Water resource management has grown in importance in global development discussions over the years. Humans and all other living things require water to survive. It has numerous applications. It is used for a variety of purposes, including industrial, household, and irrigation, and it provides numerous benefits to society (FAO, 2009). Because of its numerous occurrences, management, and uses, water is a critical component of human development and a cross-cutting concern in modern development objectives driving worldwide efforts to achieve sustainable development goals.

This is reflected in SDG six (6), which aims to guarantee universal access to and sustainable management of water and sanitation. The World Commission on Environment and Development (WECD) (1987) defines sustainable development as

Development that aims to meet current needs and ambitions without jeopardizing future generations’ ability to meet their own is defined as sustainable development. Water resource protection and enhancement are critical for improving hygiene and sanitation standards, which have an impact on people’s ability to work productively. Furthermore, an efficient and dependable sanitation and water supply system is critical for reducing morbidity and mortality and avoiding vector and water-borne illnesses (United Nations Educational, Scientific and Cultural Organization, 2009).

Water’s importance in sustaining life has been recognized for decades. As natural resource guardians and as a result of centuries of experience, indigenous peoples have amassed a vast body of knowledge for the sustainable use and management of natural resources such as rivers and streams.

experimentation. To ensure the continuation of this knowledge and the long-term use of these resources, rules and belief systems that formed parts of their customary laws were used (Gadgil, 2005). Indigenous peoples had a comprehensive understanding of how to manage plants, animals, and natural occurrences in ecosystems and their environments. When colonialism, technology, and population growth took over their lands and territories, a process of resource looting and deprivation began (Henrik, 1996).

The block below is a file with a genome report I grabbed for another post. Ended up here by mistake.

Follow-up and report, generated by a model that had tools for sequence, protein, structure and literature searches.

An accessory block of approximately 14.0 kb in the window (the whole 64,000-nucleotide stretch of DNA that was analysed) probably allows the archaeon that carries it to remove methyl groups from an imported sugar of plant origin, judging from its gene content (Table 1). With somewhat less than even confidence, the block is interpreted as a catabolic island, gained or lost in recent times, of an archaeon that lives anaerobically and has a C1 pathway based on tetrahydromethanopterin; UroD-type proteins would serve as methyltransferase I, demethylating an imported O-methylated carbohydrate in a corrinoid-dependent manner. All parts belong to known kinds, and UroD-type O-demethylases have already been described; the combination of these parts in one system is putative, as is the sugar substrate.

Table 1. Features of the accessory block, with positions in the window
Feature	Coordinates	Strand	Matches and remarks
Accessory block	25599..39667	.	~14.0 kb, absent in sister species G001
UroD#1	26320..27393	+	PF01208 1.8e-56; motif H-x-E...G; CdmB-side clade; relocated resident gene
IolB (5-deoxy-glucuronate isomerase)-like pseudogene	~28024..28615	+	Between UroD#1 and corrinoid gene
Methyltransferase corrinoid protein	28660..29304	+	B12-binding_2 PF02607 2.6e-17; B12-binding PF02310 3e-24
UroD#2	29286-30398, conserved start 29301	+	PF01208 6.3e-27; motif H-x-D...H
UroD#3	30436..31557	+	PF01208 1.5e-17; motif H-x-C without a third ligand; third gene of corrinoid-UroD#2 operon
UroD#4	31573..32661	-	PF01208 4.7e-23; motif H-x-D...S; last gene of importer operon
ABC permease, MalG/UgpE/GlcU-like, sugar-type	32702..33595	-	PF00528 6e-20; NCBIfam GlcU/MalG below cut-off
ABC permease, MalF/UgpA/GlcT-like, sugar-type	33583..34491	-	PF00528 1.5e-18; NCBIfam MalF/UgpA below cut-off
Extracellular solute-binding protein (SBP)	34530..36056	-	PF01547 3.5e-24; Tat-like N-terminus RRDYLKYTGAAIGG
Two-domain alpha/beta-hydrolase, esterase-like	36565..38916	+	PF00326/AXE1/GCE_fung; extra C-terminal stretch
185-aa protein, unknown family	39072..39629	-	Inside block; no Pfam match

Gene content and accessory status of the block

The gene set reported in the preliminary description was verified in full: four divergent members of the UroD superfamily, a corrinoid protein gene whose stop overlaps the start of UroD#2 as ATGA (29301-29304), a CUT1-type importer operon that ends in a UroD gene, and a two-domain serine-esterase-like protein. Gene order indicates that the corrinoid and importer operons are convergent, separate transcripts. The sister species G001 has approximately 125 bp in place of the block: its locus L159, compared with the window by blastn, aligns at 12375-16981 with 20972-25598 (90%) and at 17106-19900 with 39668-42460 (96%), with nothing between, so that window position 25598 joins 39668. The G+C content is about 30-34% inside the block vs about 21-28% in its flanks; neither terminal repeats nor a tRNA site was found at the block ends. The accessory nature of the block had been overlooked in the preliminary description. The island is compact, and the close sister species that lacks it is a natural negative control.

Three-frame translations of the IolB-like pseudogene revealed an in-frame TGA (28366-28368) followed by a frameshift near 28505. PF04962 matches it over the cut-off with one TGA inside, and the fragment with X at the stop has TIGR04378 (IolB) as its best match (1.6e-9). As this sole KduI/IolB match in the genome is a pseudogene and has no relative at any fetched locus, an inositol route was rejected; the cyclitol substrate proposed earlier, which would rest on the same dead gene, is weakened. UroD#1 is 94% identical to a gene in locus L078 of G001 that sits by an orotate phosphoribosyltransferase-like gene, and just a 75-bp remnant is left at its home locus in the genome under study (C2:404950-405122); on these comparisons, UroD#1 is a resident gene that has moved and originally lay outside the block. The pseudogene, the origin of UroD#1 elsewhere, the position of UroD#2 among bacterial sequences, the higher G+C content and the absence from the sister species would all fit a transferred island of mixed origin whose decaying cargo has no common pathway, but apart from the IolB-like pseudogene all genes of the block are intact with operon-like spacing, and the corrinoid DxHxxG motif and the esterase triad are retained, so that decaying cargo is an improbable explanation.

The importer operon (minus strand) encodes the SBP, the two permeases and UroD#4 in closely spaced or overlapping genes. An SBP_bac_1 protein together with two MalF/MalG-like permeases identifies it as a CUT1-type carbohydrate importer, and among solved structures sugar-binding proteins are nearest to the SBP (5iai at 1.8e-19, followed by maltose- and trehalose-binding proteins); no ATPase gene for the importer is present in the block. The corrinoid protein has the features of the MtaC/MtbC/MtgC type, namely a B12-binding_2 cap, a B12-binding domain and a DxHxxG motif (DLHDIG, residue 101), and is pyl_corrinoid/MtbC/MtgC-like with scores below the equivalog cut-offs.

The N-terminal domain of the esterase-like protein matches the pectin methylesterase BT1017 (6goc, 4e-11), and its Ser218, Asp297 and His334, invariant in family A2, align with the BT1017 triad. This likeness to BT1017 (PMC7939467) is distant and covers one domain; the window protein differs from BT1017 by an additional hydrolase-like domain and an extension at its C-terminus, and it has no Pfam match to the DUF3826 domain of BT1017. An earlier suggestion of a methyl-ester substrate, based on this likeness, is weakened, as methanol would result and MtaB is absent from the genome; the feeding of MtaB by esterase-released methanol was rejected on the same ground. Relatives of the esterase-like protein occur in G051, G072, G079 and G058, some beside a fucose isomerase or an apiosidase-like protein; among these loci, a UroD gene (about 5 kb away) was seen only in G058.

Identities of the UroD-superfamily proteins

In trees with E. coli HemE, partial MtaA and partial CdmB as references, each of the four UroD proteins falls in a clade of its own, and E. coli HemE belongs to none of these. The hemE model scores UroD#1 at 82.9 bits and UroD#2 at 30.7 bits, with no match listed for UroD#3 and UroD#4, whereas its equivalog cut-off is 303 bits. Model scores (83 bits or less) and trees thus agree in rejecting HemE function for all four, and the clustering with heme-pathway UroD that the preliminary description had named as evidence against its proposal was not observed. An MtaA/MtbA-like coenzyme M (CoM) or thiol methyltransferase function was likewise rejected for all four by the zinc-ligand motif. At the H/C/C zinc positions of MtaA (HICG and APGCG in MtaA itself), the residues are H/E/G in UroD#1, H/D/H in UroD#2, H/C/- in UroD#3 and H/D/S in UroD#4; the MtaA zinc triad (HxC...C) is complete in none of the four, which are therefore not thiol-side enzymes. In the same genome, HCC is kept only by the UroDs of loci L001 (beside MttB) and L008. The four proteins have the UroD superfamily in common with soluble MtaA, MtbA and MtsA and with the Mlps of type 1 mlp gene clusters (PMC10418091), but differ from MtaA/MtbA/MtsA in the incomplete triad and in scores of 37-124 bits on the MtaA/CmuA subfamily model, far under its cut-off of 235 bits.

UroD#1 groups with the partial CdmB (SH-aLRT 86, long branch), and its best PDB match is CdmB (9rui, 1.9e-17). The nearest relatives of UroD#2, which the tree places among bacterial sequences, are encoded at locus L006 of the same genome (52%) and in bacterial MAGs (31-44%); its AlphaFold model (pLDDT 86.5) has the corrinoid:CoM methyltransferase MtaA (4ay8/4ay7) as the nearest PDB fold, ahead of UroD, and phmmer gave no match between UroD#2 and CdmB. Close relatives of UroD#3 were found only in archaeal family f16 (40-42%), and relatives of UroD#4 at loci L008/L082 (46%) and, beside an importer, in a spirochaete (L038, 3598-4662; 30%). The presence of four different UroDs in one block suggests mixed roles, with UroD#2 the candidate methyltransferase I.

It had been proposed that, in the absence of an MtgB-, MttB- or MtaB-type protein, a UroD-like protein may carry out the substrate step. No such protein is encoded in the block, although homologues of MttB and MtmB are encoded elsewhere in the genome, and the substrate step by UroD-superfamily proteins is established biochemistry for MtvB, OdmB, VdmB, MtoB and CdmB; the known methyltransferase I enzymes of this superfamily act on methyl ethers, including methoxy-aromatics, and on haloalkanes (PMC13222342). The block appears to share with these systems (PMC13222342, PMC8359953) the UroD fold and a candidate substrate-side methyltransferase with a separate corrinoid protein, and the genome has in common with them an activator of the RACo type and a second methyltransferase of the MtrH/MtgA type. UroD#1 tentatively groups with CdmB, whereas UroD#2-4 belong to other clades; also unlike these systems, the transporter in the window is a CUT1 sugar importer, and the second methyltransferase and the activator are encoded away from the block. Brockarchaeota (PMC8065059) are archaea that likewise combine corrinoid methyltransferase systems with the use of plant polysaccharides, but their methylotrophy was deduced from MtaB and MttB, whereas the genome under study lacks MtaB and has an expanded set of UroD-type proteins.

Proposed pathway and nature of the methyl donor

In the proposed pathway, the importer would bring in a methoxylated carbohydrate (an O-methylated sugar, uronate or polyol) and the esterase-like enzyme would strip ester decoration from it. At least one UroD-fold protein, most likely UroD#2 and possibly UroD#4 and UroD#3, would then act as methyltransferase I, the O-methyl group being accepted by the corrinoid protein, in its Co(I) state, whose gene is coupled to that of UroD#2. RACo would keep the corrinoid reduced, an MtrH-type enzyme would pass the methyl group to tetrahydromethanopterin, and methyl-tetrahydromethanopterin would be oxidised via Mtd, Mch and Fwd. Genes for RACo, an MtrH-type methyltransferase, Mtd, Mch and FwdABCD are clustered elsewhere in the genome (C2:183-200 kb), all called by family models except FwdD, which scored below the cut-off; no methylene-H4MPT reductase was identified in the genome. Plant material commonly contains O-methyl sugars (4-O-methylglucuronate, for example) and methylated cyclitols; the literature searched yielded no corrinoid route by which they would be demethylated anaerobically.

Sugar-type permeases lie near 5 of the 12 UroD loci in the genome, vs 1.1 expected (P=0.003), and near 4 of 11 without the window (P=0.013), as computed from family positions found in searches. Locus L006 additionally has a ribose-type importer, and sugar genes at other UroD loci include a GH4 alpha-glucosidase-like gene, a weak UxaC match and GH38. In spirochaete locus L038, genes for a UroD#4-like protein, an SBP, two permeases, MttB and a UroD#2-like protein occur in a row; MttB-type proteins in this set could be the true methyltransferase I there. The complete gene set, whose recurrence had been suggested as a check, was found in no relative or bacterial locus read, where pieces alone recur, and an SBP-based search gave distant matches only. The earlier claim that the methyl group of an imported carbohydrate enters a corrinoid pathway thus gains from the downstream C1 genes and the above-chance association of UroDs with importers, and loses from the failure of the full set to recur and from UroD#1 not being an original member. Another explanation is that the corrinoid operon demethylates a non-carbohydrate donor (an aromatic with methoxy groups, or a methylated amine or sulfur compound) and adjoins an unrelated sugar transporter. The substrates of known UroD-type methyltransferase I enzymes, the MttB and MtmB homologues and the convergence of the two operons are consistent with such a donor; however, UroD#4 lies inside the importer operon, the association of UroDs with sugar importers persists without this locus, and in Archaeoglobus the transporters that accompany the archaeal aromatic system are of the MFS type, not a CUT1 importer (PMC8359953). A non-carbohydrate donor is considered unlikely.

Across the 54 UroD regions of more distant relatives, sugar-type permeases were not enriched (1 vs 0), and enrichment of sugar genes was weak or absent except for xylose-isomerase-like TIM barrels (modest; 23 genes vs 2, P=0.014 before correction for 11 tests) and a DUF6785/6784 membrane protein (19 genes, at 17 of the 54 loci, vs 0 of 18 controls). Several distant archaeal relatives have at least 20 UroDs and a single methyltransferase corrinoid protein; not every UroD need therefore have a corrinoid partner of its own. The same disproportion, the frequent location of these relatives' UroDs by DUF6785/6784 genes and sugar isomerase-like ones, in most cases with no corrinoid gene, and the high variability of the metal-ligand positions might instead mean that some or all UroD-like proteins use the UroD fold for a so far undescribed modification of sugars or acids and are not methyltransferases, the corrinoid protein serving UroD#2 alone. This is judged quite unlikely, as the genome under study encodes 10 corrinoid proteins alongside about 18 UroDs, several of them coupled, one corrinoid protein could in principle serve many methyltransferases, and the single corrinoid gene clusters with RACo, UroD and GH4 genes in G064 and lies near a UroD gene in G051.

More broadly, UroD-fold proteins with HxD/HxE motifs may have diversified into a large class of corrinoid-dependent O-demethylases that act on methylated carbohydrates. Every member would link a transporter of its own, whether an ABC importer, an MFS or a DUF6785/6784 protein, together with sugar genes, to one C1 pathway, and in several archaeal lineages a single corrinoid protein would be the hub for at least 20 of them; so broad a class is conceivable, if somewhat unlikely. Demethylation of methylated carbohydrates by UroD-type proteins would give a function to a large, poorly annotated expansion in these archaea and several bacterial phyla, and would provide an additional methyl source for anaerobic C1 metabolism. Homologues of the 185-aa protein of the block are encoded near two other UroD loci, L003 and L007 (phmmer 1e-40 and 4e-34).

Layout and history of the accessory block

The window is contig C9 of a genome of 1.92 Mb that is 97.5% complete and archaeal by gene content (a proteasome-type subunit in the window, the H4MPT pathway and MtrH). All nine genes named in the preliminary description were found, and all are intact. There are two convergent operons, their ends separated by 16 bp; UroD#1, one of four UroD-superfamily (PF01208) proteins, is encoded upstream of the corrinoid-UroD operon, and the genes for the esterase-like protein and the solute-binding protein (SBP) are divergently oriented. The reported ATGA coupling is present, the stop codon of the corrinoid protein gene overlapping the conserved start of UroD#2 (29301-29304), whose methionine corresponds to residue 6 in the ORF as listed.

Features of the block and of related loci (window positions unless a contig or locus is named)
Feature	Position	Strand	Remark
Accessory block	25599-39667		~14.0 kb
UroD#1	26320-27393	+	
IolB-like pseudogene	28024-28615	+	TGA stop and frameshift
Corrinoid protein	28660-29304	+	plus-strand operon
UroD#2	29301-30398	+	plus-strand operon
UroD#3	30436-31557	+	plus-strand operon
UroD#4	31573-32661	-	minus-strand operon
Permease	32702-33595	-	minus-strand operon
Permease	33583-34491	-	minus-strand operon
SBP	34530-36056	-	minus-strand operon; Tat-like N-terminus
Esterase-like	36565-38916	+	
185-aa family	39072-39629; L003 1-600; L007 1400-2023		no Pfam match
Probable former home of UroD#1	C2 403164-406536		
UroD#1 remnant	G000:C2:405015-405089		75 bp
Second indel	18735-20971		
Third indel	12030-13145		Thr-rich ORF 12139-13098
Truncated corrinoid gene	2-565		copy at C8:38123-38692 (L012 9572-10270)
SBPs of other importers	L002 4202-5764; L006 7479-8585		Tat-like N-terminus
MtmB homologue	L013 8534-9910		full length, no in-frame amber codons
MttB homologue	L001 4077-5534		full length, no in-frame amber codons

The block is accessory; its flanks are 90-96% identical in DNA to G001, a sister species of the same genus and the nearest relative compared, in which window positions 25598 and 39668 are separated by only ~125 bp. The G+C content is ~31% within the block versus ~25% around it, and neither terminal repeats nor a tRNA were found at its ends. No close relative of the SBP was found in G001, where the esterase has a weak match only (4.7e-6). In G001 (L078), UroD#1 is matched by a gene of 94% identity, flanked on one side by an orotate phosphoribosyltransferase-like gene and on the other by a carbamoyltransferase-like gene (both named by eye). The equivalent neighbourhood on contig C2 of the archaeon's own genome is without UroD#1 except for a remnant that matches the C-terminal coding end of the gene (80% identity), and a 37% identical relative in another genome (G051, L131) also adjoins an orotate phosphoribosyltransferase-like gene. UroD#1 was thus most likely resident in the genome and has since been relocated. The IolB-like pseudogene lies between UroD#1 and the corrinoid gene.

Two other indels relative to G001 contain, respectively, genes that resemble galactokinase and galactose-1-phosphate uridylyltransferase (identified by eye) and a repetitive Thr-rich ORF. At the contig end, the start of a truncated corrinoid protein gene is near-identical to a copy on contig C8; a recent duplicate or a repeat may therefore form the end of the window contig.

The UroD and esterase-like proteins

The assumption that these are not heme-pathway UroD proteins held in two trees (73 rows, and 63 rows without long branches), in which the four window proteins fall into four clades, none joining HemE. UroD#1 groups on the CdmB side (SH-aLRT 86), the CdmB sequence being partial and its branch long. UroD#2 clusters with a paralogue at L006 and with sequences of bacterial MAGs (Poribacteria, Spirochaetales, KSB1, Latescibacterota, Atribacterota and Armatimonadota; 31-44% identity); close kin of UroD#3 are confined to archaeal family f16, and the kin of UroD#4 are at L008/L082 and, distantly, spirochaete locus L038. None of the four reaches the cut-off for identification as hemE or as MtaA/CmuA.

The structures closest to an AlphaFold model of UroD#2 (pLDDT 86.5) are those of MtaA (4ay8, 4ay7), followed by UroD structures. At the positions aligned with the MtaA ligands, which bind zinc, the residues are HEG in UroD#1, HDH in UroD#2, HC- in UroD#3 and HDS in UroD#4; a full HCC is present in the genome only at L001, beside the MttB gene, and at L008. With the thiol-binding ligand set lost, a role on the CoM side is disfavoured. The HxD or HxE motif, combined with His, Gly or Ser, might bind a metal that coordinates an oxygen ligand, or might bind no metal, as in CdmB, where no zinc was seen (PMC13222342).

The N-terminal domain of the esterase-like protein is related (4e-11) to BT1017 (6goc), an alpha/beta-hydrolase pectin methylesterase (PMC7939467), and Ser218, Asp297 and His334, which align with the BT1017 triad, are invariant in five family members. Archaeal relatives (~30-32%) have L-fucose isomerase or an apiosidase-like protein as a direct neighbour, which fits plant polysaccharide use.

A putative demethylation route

The advent of statutory laws marginalized these customary laws that governed the application of their expertise to the management of natural resources within their territory (Opoku-Ankomah, Amposah& Some, 2006). The situation deteriorated with the arrival of the age of economic development, which was vigorously pushed by private enterprises.

throughout the decades. As a result, various efforts at conferences have contributed to the advancement of water policy issues over the years. Such initiatives include the Lake Success Conference on Resource Conservation and Utilization in 1949, the Mar Del Plata Conference in 1977, the United Nations Conference on the Human Environment in 1972, the International Conference on Water and Environment in Dublin in 1992, which developed the Dublin Principles, and the United Nations Conference on Environment and Development in Rio de Janeiro in 1992.